King Charles’ approach in Kenya could be indicative of how he plans to broach issues of British atrocities during colonial rule in many other Commonwealth countries in the future, as well as the monarchy’s involvement in slavery. In the past, the King and his son, Prince William, have both stopped short of apologizing for these actions. Despite this, calls for the Royal Family to issue formal apologies are becoming louder and more persistent.

Away from these issues, the King and Queen’s time in Kenya was a whirlwind of engagements, taking in national culture and supporting conservation projects. Here are my top five standout moments from the trip, which ran from Oct. 31 to Nov. 3:

Queen Camilla feeding an adorable baby elephant

Queen Camilla was certainly taken by a herd of orphaned elephants at the Sheldrick Wildlife Trust, on the outskirts of Nairobi National Park. She was given the opportunity to watch the young elephants, which had all been rescued from the wild, as they trotted into the paddock for feeding time. The Queen was then given the opportunity to feed some milk to a one-year-old calf named Mzinga. The wildlife trust is home to dozens of elephants that have lost their mothers to poaching or sickness.

Queen Camilla feeds a baby elephant milk from a bottle during a visit to the Sheldrick Elephant Orphanage, on the outskirts of Nairobi, Kenya, on Nov. 1, 2023. (Luis Tato, Pool via AP)

Queen offers nod to wildlife with her fashion choices

On her visit to the elephant orphanage, the Queen wore a cream-coloured dress with embroidered giraffes by designer Anna Valentine before swapping her heels for brown boots to feed the adorable Mzinga.

Queen Camilla visits the equine welfare charity, Brooke, to learn how Brooke and the Kenya Society for the Protection and Care of Animals are working together towards the protection of donkeys and promoting their welfare, in Karen District of Nairobi, Kenya, on Nov. 1, 2023. (Thomas Mukoya/Pool Photo via AP)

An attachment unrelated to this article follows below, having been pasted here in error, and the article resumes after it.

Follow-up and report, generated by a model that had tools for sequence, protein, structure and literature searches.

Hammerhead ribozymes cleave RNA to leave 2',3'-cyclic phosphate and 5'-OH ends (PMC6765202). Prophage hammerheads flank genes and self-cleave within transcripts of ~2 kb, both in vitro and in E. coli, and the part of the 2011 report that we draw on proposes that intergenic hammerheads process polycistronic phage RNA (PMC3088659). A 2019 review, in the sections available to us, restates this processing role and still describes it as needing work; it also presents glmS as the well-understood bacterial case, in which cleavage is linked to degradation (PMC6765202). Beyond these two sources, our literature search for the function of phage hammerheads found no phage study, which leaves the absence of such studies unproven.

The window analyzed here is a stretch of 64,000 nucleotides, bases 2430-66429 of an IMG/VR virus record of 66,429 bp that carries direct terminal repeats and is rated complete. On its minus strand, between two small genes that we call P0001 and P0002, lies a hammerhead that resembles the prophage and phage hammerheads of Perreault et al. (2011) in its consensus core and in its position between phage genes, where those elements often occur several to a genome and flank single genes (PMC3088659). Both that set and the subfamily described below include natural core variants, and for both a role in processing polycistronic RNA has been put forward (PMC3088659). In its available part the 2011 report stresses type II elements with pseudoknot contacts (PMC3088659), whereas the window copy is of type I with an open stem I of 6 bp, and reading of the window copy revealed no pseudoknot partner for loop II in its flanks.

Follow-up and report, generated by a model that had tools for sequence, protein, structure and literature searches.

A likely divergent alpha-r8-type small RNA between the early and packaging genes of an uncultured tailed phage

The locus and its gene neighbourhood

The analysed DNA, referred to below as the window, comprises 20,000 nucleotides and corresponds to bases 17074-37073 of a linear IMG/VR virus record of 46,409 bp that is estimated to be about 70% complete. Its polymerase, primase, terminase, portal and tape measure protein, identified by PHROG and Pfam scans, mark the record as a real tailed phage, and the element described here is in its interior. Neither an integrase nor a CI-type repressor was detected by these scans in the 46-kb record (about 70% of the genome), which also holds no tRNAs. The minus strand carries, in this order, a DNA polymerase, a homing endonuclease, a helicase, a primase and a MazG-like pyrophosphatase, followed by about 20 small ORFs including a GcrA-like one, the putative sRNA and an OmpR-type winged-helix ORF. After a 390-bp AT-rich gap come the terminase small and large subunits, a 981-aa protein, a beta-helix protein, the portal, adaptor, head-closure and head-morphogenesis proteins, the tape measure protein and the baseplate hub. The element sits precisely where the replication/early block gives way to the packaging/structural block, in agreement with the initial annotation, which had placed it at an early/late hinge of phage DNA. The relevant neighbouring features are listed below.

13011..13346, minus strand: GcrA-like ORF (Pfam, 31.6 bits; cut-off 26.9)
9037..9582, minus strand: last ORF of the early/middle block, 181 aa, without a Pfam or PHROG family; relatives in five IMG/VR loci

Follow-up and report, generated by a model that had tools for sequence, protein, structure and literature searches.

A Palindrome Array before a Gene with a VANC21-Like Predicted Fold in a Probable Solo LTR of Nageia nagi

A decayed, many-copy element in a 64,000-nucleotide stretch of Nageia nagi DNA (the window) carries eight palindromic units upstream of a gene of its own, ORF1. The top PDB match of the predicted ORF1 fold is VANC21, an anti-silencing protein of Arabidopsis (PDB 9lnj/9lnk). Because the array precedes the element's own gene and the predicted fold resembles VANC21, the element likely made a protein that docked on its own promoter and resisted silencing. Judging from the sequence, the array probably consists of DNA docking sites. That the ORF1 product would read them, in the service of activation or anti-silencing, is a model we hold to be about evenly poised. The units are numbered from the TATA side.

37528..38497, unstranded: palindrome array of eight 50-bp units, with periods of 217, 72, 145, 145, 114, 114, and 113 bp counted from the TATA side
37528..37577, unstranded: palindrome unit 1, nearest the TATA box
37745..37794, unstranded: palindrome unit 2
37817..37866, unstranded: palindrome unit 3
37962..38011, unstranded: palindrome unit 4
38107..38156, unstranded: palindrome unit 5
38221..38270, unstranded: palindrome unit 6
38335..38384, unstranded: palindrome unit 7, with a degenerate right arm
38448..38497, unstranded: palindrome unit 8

King Charles III almost trips – but plays it cool

The King nearly took a tumble as he tripped on a roll of artificial grass during his visit to the Commonwealth War Graves Commission cemetery in Nairobi. The King was being guided from one walkway to another when he tripped over one of the mats and briefly lost his footing. He quickly managed to catch himself, smoothly put on his sunglasses and continued to stroll along the grass.

King Charles III (3rd R) and Queen Camilla during a visit to a Commonwealth War Graves Kariokor Cemetery in Nairobi on Nov. 1, 2023. (Photo by Tony KARUMBA / POOL / AFP) (Photo by TONY KARUMBA/POOL/AFP via Getty Images)

King receives an unusual throne

The King looked thrilled when members of an East African environmental organization presented him with a throne made entirely out of recycled plastic at Mombasa's Nyali Beach. Flipflopi, a non-profit organization, uses everything from plastic bottles to flip flops to upcycle a variety of objects into heritage products, even creating a seven-ton sailing dhow made entirely from recycled plastic.

King Charles III (CR) meets members of Flipflopi, a movement which aims to end single use plastic, transforming and upcycling litter to preserve the marine and environment and create products rooted in heritage, during a visit to Nyali beach on Nov. 2, 2023 in Mombasa, Kenya. (Photo by Ben Stansall - Pool/Getty Image)

Queen Camilla loves to shop

On a visit to a donkey sanctuary in Nairobi, Queen Camilla purchased so many items that her aides actually ran out of money, according to a report from the Telegraph. The Queen was seen purchasing a bag and a blanket, as well as some bracelets, earrings and cashew butter from stalls set up at the sanctuary. The site is managed by the Kenya Society for the Protection and Care of Animals in partnership with Brooke East Africa, a charity the Queen is president of. Well, that’s her Christmas shopping sorted…

Queen Camilla, centre, visits the equine welfare charity, Brooke, to learn how Brooke and the Kenya Society for the Protection and Care of Animals are working together towards the protection of donkeys and promoting their welfare, in Karen District of Nairobi, Kenya, on Nov. 1, 2023. (Thomas Mukoya/Pool Photo via AP) Top Stories